The battle board is unique for each faction. This is where the bulk of the game's strategy occurs; a mastery of the battle board is critical for success. The battle board also contains much of the game's historical flavor. For example, the Viking battle board is loaded with offensive capabilities, while the Anglo-Saxon board is much more defensive in nature. This forces the player to fight each faction along similar lines as the faction's historical performance.

Specific dice for each faction (quite expensive if purchased, but in fairness, the rules cover a "do-it-yourself" guide for marking the dice) are rolled and used on the battle board. To summarize, the dice determine what skills or unit activations on the battle board can be used each turn, and the player has to assign the dice to skills accordingly. This is quite subtle and the system rewards the player that can think ahead and assign dice to powerful skills that can be used later in the game.

The game turn

The activated player rolls the dice for his faction (the number of dice is determined by the number of units on the table--levy units do not generate dice while warlords generate 2 dice). After the dice are rolled, each die is allocated to specific skills or actions on the faction's battle board. 
The activated side than Moves, Shoots, or Rests. If a move results in closing with an enemy unit, then melee is calculated at that time. All actions for each unit occur before another unit can be activated. Multiple moves for each unit can also occur, if the dice are available. The dice on the battleboard determine how many units can be activated, or what special skills can be used in shooting or melee.

When one player has finished activating as many units as possible, the opposing player then repeats the activation process for his units. After both players are finished, that is the end of 1 turn. The dice are then rolled for the next turn (there is an option to leave dice on the battle board for the next turn, but these dice are subtracted from the total number of dice that the player can roll for the next turn).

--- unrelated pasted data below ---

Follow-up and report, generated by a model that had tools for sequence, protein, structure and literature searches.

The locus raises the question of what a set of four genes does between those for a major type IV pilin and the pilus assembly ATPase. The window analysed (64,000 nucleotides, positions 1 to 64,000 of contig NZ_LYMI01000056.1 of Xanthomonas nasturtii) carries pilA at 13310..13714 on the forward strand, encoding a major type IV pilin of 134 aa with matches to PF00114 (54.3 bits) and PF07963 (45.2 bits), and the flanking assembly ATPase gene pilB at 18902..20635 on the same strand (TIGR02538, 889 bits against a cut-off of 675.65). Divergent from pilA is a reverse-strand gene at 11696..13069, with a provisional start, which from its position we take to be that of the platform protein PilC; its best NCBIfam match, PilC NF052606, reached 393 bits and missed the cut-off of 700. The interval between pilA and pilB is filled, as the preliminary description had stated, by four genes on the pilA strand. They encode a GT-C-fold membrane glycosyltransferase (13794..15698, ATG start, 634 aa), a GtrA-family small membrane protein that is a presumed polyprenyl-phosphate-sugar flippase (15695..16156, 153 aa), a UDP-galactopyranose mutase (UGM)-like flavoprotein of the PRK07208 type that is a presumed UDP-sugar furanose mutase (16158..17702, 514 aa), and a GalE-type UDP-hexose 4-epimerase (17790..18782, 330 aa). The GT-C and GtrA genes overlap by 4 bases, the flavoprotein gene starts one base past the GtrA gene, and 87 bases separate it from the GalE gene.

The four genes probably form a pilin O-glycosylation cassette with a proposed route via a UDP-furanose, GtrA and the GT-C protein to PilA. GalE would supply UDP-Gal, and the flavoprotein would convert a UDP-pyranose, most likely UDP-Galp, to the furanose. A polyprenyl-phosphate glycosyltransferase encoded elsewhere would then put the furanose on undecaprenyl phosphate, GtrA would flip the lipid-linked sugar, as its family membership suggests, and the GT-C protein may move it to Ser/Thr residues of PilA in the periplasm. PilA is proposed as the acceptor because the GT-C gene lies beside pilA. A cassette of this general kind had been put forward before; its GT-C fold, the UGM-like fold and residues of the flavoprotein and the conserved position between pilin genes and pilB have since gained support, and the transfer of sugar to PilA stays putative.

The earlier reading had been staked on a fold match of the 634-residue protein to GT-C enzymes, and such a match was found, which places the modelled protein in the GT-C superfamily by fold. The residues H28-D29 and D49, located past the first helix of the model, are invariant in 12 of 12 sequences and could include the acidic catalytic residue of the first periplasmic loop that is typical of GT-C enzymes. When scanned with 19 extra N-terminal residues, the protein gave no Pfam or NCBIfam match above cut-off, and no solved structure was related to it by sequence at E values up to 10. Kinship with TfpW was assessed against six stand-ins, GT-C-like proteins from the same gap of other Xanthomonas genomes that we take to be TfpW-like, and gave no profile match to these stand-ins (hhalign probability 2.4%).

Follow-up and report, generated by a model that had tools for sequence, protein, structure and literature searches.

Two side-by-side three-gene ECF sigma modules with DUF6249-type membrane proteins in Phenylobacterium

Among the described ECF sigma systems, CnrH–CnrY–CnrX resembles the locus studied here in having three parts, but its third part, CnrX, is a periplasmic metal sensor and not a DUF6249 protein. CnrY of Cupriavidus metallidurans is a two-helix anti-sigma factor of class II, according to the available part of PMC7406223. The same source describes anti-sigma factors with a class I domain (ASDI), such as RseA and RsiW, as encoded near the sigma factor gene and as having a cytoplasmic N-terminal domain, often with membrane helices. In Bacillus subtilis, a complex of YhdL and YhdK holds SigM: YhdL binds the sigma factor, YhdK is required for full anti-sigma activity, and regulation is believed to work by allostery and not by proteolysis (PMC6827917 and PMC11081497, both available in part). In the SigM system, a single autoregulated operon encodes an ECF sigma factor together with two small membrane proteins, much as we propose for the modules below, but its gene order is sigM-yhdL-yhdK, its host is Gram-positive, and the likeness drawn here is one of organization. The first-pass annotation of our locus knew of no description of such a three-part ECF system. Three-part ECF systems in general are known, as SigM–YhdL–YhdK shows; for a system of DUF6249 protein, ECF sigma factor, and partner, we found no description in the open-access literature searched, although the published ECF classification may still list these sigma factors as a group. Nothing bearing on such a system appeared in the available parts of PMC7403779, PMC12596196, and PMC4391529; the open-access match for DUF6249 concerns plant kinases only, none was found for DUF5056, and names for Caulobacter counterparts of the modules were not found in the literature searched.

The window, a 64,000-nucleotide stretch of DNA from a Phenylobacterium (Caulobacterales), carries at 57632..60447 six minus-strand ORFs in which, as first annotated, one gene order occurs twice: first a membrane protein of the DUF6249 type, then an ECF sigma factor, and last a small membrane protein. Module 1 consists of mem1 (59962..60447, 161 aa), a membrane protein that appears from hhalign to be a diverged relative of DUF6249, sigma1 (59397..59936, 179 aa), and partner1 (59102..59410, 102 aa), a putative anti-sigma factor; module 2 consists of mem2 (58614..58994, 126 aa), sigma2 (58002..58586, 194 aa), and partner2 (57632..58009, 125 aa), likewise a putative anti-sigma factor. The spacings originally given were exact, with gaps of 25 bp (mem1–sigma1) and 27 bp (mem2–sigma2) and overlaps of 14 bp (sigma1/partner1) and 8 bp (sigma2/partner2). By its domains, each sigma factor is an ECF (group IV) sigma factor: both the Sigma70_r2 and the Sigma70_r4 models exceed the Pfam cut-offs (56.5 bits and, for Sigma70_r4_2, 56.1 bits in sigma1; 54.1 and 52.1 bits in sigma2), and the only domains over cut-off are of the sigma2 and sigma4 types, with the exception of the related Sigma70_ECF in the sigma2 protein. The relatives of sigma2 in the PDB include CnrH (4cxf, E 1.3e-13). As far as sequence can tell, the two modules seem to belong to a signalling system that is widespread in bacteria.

Battle board dice


The concept of Fatigue is also used for units that move multiple times in a turn or are engaged in melee. Fatigue points are used by an opposing player to negatively affect a unit. Be careful with Fatigue; it'll bite you in the butt.

Each unit has an armor rating and a number of attack dice for shooting and/or melee. For example, in order to "hit" a hearthguard unit, a 5-6 must be rolled due to its higher armor. A hearthguard unit rolling against a warrior unit only needs 4-6 in order to hit. Also, a hearthguard unit rolls 2 attack dice per figure as opposed to only 1 attack dice per warrior figure. After special skills are added in and "hits" are determined for each side, saving throws occur in order to cancel out hits. Figures for both sides are removed from the table. The unit that took the most casualties must then retreat out of melee. As units are eliminated, the available dice total drops for each turn. This in itself eventually causes one side or the other to be ineffective for the rest of the battle. Another way for a battle to be won is to eliminate the other side's warlord. A warlord is a powerful unit in itself, but beware the risks. A lucky hit that eliminates the warlord will immediately lose the game for a reckless player.

In summary

SAGA, for me, is a great skirmish system to just have fun with. Who doesn't enjoy bashing Vikings up against an Anglo-Saxon shield wall?  It is simple, fast-paced, but with enough flavor and strategy (especially with the battle board) to ensure a very competitive game. The system is not intended as a pure simulation. It is totally intended as a fun skirmish game with a minimum amount of required figures. I give it a thumbs up !  I may even have a closer look at those Crusaders and Saracens as well......